Politics

White House says changes to the 'bureaucracy' at DHS are ongoing, but won't include 'subordinate staffers'

Key Points
  • President Donald Trump's leadership shake-up at the Department of Homeland Security is aimed squarely at the agency's "bureaucracy" and not on lower level staffers, a senior White House official tells CNBC.
  • In doing so, the official left open the possibility that the White House is considering additional changes at the top.
  • Trump has removed three top DHS officials in the past five days. Still, he denied Tuesday that he was "cleaning house," saying lots of "good people" still work at DHS.
President Donald Trump speaks while meeting with Egyptian President Abdel Fattah el-Sisi in the Oval Office of the White House, Tuesday, April 9, 2019, in Washington.
Evan Vucci | AP

President Donald Trump's ongoing leadership shake-up at the Department of Homeland Security is aimed squarely at the agency's "bureaucracy," a senior administration official said Tuesday, and not on lower level staffers.

"There's a lot of false rumors and assumptions out there about names of people in the agencies" who might be asked to leave their jobs, said the official, who declined to be named. "I want to be very clear in saying that we're not taking any look at any subordinate staffers."

By emphasizing that the jobs of lower level staffers were not in danger, however, the official left wide open the possibility that the White House is considering additional DHS changes at the leadership level, although they declined to say who might be asked to leave.

In the past five days, Trump has fired Homeland Security Secretary Kirstjen Nielsen, told U.S. Secret Service director Tex Alles to resign, and withdrawn his nomination of Ron Vitiello to lead U.S. Immigration and Customs Enforcement.

Several news outlets have also reported that Trump is considering replacements for the current director of U.S. Citizenship and Immigration Services, Francis Cissna, and John Mitnick, the Homeland Security Department's general counsel.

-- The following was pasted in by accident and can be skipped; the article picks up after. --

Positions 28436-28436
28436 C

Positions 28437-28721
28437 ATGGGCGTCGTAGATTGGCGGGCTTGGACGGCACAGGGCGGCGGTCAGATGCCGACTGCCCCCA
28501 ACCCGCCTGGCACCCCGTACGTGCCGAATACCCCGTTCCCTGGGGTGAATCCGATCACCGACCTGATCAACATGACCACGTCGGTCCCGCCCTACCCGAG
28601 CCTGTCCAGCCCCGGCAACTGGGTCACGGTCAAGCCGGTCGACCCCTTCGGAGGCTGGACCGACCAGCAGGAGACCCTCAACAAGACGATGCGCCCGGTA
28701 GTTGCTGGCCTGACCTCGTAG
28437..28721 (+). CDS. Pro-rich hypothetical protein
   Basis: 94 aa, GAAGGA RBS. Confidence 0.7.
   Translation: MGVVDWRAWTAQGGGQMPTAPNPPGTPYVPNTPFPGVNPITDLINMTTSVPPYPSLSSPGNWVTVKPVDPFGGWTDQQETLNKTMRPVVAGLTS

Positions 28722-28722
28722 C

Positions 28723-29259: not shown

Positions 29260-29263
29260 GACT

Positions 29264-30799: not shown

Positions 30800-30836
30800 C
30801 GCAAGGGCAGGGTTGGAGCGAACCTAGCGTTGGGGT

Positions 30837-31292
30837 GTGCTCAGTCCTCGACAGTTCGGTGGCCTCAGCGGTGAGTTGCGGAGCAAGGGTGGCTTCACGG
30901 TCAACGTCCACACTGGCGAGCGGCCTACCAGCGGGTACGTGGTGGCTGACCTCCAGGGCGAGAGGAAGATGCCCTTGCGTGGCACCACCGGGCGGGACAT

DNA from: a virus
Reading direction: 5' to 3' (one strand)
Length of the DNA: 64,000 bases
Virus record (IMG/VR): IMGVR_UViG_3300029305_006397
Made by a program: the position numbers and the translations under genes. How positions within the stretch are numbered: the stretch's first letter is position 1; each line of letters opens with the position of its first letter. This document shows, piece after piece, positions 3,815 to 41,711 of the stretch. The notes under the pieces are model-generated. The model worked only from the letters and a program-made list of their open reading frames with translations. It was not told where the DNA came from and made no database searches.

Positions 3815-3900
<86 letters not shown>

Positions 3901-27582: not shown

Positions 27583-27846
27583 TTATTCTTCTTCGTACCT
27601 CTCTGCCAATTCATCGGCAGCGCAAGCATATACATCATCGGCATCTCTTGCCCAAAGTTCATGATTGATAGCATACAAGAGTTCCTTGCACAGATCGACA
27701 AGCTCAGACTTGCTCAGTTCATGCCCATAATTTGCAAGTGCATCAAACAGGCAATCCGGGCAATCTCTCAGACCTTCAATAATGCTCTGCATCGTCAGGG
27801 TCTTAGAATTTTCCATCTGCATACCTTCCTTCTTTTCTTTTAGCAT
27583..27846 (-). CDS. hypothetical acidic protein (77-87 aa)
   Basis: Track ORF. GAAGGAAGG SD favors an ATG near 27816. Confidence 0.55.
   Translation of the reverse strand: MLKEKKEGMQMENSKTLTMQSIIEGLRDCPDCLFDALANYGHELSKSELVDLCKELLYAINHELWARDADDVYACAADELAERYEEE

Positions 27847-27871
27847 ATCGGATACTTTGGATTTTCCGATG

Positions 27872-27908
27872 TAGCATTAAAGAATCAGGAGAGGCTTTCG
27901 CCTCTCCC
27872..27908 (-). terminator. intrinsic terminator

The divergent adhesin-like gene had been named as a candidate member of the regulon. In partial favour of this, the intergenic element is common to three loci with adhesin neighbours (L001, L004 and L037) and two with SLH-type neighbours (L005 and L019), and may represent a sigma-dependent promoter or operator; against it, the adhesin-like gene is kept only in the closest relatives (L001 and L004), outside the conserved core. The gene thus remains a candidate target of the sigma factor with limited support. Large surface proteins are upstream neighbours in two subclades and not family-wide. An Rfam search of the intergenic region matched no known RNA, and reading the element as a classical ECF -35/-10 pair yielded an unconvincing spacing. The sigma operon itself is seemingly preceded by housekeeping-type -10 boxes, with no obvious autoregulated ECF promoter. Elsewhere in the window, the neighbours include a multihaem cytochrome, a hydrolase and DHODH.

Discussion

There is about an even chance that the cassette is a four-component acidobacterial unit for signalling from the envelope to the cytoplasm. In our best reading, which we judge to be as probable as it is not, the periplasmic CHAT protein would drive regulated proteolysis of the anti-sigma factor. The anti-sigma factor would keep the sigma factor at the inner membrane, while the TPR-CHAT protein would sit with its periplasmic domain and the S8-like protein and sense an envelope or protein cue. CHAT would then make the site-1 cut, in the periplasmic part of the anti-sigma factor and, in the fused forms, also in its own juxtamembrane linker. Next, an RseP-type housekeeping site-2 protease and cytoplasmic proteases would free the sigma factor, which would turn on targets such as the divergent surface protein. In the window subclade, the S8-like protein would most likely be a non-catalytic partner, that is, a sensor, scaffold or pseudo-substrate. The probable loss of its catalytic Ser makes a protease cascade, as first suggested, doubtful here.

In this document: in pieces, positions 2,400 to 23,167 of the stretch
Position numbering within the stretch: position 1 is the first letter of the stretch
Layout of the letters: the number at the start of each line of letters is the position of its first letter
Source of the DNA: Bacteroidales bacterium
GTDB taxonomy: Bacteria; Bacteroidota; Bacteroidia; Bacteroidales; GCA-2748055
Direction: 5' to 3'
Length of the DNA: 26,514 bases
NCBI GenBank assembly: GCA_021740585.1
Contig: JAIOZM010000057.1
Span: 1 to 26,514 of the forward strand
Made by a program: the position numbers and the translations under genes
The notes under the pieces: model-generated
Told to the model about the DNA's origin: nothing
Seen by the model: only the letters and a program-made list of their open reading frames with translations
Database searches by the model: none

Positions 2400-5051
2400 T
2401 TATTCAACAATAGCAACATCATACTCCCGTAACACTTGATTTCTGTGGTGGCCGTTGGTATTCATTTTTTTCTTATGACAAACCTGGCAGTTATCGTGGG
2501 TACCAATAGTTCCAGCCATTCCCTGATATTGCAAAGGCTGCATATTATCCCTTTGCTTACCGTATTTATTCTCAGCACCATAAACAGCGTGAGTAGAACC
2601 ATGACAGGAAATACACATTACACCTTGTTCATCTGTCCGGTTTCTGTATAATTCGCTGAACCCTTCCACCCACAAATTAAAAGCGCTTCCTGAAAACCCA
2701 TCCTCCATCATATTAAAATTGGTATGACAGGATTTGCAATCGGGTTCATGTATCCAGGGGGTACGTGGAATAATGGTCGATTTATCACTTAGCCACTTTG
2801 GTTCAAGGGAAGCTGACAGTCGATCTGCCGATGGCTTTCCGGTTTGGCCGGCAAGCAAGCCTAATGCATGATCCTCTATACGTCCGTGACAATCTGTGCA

Trump denied on Tuesday that he was "cleaning house" at the department, saying lots of "good people" still work at DHS.

Likewise, the senior White House official said the departures from DHS were aimed at creating the right environment for a much-needed update to the department's approach to immigration policy, setting aside Obama-era practices and embracing Trump's more hardline policies.

"They haven't even updated their training materials from the Obama era," the official said. "People felt no urgency to make these policy changes the White House was pushing."

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Nielsen's replacement, acting Homeland Security Secretary Kevin McAleenan, is much more aligned with Trump's hard-line views on the border, White House officials have suggested. White House spokesman Hogan Gidley said Monday that there was "no daylight" between Trump and McAleenan on the issue of immigration.

"I don't want to disparage Kirstjen Nielsen at all" the official said, but added that "no one is more frustrated than Kevin by the fact that the policy changes haven't been made."

This official said the White House wants to see much tougher criteria being applied to "credible fear" claims by asylum seekers at the U.S. border.

Frontline immigration officers, the official said, allow too many immigrants to claim credible fear. "Extraordinary credulousness among individuals conducting the exam is a big part of the problem," they said.

This official would not comment on NBC's reporting that the White House wants border patrol agents specifically to do the screening instead of asylum officers. The officials also dodged questions about whether the president was considering any policies that would lead to renewed family separations, instead pointing reporters back to the president's comments in the Oval Office on Tuesday.

"We are not looking to do it," the official said, repeating the president's response to a question about the controversial policy earlier in the day. They also mentioned the need to "remove magnets" that draw more immigrants to the U.S., including the current policy of granting work permits to some asylum seekers.

The official offered few details about the president's abrupt decision last week to give Mexico a year to improve its immigration enforcement before imposing any new tariffs or closing the southern border.

The official denied that intense lobbying efforts by business groups like the U.S. Chamber of Commerce had impacted Trump's apparent reversal. Asked if the trade groups had been effective, the official replied, "I didn't really think about it all."

— CNBC's Kevin Breuninger contributed reporting.

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